Where we stand on vaccinations
Most businesses dream of the situation in which Greene County Public Health finds itself: demand that far outstrips supply.
In the private sector, that condition often drives up price. But not so in the public sector. For Public Health, it means trying to distribute a relatively few available doses of COVID-19 vaccine in the fairest and most appropriate way.
It’s definitely not an easy job. Becky Wolf, Greene County Public Health director, stands in the eye of the storm.
State and federal guidelines stipulate priorities for who gets vaccinated in what sequence. The guidelines help, but the county’s allotment of vaccine falls woefully short of what’s needed and wanted.
Greene County gets a shipment of about 100 doses of vaccine each week, Wolf said. The county gets a few days’ advance notice when a shipment is coming. That batch is followed in a few days later by an identical number of doses so that anyone who gets the first dose can get the second dose four weeks later.
(Greene County has been receiving the Moderna vaccine rather than the Pfizer, because the Pfizer variety requires ultra-cold freezer capability which Greene County health providers don’t possess. The second dose of the Pfizer vaccine is injected three weeks after the first. Moderna’s vaccine requires a four-week wait.)
First in line for vaccinations under the guidelines have been nursing home residents and medical personnel. Most who fall into those categories in the county have received their first round of vaccinations, Wolf said.
Next on the list (tier one) are first responders and the staffs of the county’s schools, early childhood education staffs and child care providers. Due to limited vaccine, priority within that grouping is given to staffs of pre-kindergarten through fourth grade, special education and their bus drivers. Wolf expects that vaccinations in those latter categories will be completed by the end of this week.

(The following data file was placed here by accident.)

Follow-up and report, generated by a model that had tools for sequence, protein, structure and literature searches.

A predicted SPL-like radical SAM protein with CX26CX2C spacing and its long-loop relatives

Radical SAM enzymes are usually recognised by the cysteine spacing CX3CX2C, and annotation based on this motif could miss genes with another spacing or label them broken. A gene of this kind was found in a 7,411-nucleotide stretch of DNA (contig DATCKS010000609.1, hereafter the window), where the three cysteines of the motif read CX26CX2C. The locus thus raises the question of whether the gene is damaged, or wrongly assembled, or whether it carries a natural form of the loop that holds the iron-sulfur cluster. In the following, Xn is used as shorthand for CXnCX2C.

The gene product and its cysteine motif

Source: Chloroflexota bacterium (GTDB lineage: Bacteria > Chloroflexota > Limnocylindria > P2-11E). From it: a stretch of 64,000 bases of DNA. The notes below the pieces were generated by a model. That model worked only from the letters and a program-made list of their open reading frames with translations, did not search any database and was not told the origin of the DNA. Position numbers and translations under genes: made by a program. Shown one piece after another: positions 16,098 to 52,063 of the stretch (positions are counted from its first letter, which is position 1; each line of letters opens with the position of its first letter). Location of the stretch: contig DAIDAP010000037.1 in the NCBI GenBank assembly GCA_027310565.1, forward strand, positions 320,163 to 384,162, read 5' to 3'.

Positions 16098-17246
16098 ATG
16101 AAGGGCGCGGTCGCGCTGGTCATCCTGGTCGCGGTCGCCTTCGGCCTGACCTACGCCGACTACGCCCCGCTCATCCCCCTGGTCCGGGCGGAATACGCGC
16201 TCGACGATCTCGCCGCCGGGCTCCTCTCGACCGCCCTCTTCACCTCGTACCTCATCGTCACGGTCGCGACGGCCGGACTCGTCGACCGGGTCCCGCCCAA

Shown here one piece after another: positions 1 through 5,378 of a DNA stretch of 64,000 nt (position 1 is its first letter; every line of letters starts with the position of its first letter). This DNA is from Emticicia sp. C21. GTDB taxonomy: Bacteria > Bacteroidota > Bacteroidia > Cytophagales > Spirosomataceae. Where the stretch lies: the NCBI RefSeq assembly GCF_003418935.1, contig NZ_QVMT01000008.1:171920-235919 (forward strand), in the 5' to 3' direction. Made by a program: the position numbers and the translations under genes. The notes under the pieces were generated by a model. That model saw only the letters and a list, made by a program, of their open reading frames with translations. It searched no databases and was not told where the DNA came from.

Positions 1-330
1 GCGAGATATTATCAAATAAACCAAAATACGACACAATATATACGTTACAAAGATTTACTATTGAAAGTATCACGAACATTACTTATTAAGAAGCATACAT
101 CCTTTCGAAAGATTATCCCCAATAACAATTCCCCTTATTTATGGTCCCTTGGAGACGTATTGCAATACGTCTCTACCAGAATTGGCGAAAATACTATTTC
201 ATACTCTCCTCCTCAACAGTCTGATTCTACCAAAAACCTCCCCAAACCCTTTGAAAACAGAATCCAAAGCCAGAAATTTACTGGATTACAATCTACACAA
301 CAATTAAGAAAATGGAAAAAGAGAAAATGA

Public Health has been able to work in a few residents age 65 and older, while simultaneously trying to complete vaccinations in tier one. But as of a week ago, the waiting list for Greene County folks in that age category had grown to 1,200. People over 65 represent about a third of Greene County’s population. The state pegs the county’s population at 8,888 for distribution purposes.
Wolf said Public Health has been vaccinating the older residents in the order in which they called in to add their names to the waiting list. As more vaccine doses become available, each tier’s priority populations will be weighted into the lists.
Health factors and occupations are factored into the mix for each tier, Wolf said, according to risk and potential frequency of virus exposure.
In Iowa, each county’s vaccine allocation, based on its population, goes to its public health department. In counties with larger populations, some of the precious fluid then goes to pharmacies, hospitals and other locations that participate in vaccinations.
Greene County’s allocation is small enough that it doesn’t permit any redistribution to pharmacies yet, Wolf said. A total of 130 doses went to Greene County Medical Center for its staff, and to fire and law enforcement personnel. No mass vaccination clinics can be scheduled under the present conditions, she added; those clinics are probably weeks down the road.
As the manufacture of vaccines increases, the amount of vaccine distributed to counties, hospitals, pharmacies and mass clinics on a regular basis will also rise, of course. That will ease the heavy backlog on the county’s waiting list. It’s uncertain at this point how fast and to what extent the vaccine supply will grow.
Iowa’s allocation of vaccines ranks near the bottom among the nation’s states. Reasons for that fact are unknown to the state’s leaders, who have been trying to sleuth out why. Answers have been hard to come by.
Wolf strongly urges anyone whose name is on the county’s waiting list, but who then gets vaccinated in another county, to let Public Health know about it right away so others on the list can move up in priority.
And, of course, Public Health urges everyone to get vaccinated when it becomes possible to do so.